THE BLOG
30/10/2013 13:21 GMT | Updated 23/01/2014 18:58 GMT

The Unnatural Disaster of the Bedroom Tax

It is causing emotional and psychological turmoil among people who have little other than their communities and social networks to rely on.

One of the most traumatising effects of natural disasters is the way they rip people out of their communities. It happens when the physical infrastructure of those communities is destroyed, and it happens when people are removed from family, friends and the social networks that support them.

The American psychiatrist Mindi Fullilove calls this 'root shock', a term borrowed from horticulture: a plant pulled up and transplanted elsewhere will often die because it is no longer able to draw nutrients from the soil that surrounds it. Such upheaval 'disturbs our very connection with the earth', she says.

Writing in The Atlantic Cities recently, she describes how such displacement affected the victims of Hurricane Sandy after it hit New York and New Jersey last year. It changed the lives not only of those who lost their homes and had to move, but those of everyone else too - 'dis-placed' in the sense that their place was no longer the same. She explains:

'Displacement triggers lifelong sorrow, what psychologist Marc Fried famously called "grieving for a long home". And it's not just grief over a place. Displacement breaks up social networks, and disperses social capital. It costs individuals an enormous amount of money, very little of which is replaced by any of the "repayment" schemes, which typically cover the cost of a house, but not the intangibles like replacing one's neighborhood. And it sets people back, adding opportunity costs to other kinds of problems.'

Two weeks ago in Sri Lanka I saw one effect of root shock: a fishing village still scarred by the impact of the 2004 tsunami. Scarred not only because you can still see where the homes were ripped from the shore, but because the lives of its inhabitants have changed too.

The fisherman who showed me his village explained that he no longer lived there, but instead lived in a camp constructed by the army. Many of Sri Lanka's fishing villages have been entirely displaced for safety reasons, moved half a kilometre inland in case another disaster strikes. But when your livelihood is a boat kept on a beach, living half a kilometre away makes it much more precarious.

Root shock isn't only a consequence of natural disasters. Mindi Fullilove has observed how gentrification and so-called urban renewal can have the same effects, ripping the heart out of neighbourhoods and the spirit from their inhabitants. One of the most telling critiques of the ill-fated housing market renewal schemes in Britain was the way they blighted communities in an attempt to improve them; places like the Welsh Streets in Liverpool are testament to the damage inflicted.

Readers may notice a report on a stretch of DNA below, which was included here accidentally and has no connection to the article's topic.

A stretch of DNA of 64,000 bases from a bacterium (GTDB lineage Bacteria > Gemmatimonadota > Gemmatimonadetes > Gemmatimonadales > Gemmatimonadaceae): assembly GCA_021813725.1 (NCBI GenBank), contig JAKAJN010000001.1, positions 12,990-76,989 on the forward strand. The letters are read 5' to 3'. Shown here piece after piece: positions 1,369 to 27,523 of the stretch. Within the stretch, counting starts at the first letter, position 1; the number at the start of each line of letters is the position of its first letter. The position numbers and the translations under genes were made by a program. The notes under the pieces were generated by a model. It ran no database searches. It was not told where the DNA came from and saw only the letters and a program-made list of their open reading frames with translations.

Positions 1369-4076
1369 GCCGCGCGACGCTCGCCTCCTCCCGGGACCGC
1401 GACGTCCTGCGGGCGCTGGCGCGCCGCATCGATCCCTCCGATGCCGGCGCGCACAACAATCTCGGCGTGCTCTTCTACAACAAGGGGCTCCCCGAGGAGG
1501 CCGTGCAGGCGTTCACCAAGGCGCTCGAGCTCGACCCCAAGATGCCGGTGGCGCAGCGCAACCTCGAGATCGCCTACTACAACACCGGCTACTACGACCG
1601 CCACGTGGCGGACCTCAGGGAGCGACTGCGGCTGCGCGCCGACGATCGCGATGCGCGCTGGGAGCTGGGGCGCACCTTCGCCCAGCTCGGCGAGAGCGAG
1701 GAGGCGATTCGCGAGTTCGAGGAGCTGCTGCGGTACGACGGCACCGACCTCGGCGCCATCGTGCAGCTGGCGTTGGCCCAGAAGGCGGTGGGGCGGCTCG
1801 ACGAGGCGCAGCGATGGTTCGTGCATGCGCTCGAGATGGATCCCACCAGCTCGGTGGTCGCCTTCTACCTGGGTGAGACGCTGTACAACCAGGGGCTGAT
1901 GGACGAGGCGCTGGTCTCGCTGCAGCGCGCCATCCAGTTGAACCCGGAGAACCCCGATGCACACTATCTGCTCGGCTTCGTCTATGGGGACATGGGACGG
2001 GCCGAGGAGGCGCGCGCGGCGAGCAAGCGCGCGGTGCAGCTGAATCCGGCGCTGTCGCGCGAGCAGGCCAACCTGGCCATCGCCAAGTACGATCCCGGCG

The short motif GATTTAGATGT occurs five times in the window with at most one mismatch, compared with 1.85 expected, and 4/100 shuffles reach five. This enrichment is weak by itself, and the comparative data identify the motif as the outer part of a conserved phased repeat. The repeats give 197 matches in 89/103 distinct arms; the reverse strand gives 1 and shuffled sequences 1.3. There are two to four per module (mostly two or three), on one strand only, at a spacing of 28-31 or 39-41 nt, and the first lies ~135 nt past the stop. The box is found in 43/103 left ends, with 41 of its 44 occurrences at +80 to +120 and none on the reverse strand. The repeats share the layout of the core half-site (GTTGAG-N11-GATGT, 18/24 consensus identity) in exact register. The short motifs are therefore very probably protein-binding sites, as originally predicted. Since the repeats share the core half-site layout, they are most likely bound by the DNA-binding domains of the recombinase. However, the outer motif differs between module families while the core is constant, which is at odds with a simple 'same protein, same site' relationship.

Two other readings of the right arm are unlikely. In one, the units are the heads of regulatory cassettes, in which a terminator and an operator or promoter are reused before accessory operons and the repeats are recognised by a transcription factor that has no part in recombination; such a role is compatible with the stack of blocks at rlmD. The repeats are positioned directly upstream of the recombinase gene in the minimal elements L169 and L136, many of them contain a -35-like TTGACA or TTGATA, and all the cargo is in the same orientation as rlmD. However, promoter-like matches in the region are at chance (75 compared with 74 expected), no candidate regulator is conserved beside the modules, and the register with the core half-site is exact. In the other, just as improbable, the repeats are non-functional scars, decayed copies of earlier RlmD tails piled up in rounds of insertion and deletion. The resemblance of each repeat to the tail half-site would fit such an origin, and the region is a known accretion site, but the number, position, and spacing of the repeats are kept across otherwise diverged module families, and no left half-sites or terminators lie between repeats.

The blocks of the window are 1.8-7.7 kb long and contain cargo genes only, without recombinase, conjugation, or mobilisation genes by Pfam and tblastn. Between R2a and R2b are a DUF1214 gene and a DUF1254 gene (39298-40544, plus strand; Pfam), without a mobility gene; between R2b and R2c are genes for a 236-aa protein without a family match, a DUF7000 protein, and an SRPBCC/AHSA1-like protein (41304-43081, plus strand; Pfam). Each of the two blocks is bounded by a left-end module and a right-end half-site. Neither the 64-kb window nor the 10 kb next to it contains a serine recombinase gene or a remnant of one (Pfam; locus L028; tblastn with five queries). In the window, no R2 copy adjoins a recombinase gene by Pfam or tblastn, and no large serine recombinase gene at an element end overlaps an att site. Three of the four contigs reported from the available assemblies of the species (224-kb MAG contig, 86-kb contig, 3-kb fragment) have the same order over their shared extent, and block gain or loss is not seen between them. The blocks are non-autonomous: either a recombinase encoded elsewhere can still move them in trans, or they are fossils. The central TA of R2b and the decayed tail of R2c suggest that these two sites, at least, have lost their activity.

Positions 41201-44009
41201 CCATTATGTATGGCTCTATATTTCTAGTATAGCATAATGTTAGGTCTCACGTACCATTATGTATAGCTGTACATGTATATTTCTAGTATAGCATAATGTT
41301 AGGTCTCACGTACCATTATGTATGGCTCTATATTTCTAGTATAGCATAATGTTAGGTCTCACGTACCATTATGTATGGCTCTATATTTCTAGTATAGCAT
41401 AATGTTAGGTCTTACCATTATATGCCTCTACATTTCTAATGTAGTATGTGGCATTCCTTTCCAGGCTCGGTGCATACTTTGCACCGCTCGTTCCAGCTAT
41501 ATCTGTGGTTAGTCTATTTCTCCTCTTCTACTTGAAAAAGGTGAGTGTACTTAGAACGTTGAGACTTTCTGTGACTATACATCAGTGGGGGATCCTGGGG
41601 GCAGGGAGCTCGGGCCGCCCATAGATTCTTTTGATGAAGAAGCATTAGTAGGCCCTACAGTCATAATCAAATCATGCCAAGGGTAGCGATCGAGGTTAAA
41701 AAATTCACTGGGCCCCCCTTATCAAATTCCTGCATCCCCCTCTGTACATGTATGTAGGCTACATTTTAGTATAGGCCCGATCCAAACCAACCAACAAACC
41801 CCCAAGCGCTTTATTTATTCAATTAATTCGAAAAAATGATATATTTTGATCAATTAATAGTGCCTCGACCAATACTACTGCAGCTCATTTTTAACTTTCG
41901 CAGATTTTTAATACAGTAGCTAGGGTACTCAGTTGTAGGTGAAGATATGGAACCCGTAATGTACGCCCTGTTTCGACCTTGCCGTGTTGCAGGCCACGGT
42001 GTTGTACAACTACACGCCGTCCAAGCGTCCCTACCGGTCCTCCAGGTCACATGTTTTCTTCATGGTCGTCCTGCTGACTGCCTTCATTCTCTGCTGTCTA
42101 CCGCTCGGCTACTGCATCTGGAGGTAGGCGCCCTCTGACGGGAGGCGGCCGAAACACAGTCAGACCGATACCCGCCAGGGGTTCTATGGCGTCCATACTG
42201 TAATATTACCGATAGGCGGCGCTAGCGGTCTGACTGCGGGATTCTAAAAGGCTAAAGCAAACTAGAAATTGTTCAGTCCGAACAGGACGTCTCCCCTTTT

The British government has consistently used the housing market renewal schemes as evidence of the failure of its predecessors' regeneration policies, arguing that they 'pitted neighbour against neighbour'. So you would imagine it would take more care with its own approach.

The bedroom tax is evidence that not only has nothing been learned, but that there has been no interest in learning. Instead of blighting communities through physical redevelopment, it blights them by attacking the lives of individuals, forcing them to choose between their homes and their material wellbeing by penalising them for every 'spare' bedroom they have. Already there is evidence that tens of thousands of people are falling into debt as a result.

The bedroom tax (described by government officials as a cut in 'spare room subsidy' or as an 'under-occupation penalty') seeks to address disparities in housing supply and demand. But it does so by evicting people from larger homes when there are not enough smaller ones for them to go to, and by seeking to free up larger properties in areas where families do not want to live. And it is causing emotional and psychological turmoil among people who have little other than their communities and social networks to rely on.

No wonder the UN special rapporteur on housing, Raquel Rolnik, has suggested the bedroom tax is an abuse of human rights. No wonder individuals talk about being 'pushed out'. No wonder some have talked of suicide, and at least one, Stephanie Bottrill, has taken her own life.

This is root shock inflicted by a government on its own people in the name of 'fairness'. It strikes individuals where they are most vulnerable, threatening their homes and relationships with friends and neighbours. Its impact is particularly hard on people who are disabled: in many cases they risk being forced out of expensively-adapted homes simply because they are deemed to have too many bedrooms.

Trauma isn't generally visible, and makes few headlines. But it is real and its effects are deep and lasting. People will be paying the price of the bedroom tax for many years to come.